It is therefore an object of the present invention to overcome the difficulties of the prior art by providing a thin and inexpensive strain relief device which can be assembled with any known electrical connector, such as the connector illustrated in U.S. Pat. No. 3,699,502.
It is a further object of the present invention to produce a strain relief assembly which can be readily and economically manufactured.
The means for accomplishing the foregoing objects and other advantages will become apparent to those skilled in the art from the following detailed description taken with reference to the accompanying drawings.
FIG. 1 is a perspective view of the subject invention engaged with an electrical connector of known configuration;
FIG. 2 is similar to FIG. 1 showing a plurality of conductors secured to the subject strain relief;
FIG. 3 is a section view taken along line 3--3 of FIG. 2; and
FIG. 4 is a bottom plan view of the subject strain relief device secured to a connector housing.
The electrical connector 10 shown in the drawings is of a known and conventional type, such as the connector described in U.S. Pat. No. 3,699,502.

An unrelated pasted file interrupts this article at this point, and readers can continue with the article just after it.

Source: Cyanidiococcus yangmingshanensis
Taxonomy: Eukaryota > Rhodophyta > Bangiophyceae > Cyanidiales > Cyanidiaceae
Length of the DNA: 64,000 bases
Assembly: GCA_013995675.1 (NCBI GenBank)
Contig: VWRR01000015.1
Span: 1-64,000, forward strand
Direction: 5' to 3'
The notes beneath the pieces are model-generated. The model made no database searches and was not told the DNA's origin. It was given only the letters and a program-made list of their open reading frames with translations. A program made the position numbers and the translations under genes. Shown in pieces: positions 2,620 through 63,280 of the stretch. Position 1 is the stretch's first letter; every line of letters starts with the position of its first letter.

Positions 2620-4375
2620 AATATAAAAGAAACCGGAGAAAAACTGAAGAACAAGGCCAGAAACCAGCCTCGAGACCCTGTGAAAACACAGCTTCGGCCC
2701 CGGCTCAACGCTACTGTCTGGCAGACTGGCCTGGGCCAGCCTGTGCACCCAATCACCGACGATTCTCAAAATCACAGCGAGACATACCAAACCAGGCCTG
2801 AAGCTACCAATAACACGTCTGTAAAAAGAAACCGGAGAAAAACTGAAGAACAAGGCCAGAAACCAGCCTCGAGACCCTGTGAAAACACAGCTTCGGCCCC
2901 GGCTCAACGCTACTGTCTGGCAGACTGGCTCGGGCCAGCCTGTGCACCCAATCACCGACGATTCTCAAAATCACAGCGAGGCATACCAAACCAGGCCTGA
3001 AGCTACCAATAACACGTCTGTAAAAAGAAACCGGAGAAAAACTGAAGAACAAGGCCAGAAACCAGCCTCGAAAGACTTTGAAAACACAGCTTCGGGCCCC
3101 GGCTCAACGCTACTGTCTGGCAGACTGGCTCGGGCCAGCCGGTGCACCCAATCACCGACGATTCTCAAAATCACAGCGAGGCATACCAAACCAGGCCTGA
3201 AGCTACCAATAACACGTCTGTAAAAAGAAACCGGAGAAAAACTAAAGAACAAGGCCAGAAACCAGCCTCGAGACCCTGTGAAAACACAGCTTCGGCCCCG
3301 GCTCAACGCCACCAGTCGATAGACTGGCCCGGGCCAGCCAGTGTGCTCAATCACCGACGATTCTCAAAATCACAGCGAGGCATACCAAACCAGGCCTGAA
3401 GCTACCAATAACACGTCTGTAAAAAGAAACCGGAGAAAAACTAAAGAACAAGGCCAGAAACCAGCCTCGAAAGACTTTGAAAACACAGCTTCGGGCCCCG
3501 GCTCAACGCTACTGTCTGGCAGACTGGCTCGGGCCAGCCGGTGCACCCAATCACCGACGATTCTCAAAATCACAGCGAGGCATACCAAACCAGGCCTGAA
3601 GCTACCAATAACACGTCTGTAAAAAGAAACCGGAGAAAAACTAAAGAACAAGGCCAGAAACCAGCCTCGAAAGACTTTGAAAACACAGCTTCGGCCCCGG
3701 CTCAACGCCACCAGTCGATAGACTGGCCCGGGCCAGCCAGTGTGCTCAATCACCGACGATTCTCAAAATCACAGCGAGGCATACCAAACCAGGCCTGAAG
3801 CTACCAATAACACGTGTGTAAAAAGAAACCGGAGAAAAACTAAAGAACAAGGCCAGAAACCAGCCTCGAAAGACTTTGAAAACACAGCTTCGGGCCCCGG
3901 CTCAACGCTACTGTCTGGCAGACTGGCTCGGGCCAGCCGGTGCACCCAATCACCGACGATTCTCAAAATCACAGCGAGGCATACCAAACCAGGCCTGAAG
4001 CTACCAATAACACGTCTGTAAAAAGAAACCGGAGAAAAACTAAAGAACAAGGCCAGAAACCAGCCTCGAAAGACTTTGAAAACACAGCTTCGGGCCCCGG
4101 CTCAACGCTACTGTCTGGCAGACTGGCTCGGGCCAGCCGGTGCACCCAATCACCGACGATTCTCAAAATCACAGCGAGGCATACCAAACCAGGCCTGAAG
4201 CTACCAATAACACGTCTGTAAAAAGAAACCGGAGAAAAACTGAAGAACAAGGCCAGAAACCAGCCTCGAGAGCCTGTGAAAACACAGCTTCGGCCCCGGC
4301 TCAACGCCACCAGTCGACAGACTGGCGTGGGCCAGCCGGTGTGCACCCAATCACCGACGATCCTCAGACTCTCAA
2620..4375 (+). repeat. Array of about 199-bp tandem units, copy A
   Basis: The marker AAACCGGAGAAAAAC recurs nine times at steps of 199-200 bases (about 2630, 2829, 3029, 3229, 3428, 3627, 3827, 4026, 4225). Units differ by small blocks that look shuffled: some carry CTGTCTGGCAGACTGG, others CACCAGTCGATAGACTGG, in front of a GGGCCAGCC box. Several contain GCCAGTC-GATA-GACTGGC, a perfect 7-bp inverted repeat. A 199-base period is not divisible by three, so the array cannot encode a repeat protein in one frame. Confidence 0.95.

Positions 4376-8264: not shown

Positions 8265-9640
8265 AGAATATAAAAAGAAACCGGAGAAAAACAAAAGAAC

The subject strain relief 12 is formed of a rigid sheet 14 of plastics material and has a regular geometric configuration. Three V-shaped conductor gathering members 16, 18, 20 integrally extend from one surface of the sheet forming a block letter "C" opening towards the connector. A plurality of apertures 22, 24, 26, and 28 are formed in the sheet 14, each spaced from an end of and aligned with at least one of the cable gathering members 16, 18, 20. The subject strain relief means also includes a flange 30 which is ultrasonically bonded to the connector 10 at points 32, 34. A pair of arcuate recesses 36, 38 in the opposite side edges of the sheet 14 serve as finger grips to assist in removing the connector.
The assembly is utilized with a known cable tie means 40, for example, the ties described in U.S. Pat. Nos. 3,694,863 and 3,964,133. The tie 40 is shown in FIG. 2 passing through apertures 22, 24 to secure the conductors 42 dressed in the gathering member 16 to the strain relief device 12. It should be noted that with this invention that it would be possible to dress the cables extending 180° from one another going in opposite directions parallel to the connector. It is also possible to dress the cables going straight out from the connector or to either side.
The cable tie 40 can be applied by any of the well known tie applicator tools such as those described in U.S. Pat. Nos. 3,810,499 and 3,830,263.
The present invention may be subject to many modifications and changes without departing from the spirit or essential characteristics thereof. The present embodiment is therefore to be considered in all respects as being illustrative and not restrictive of the scope of the invention.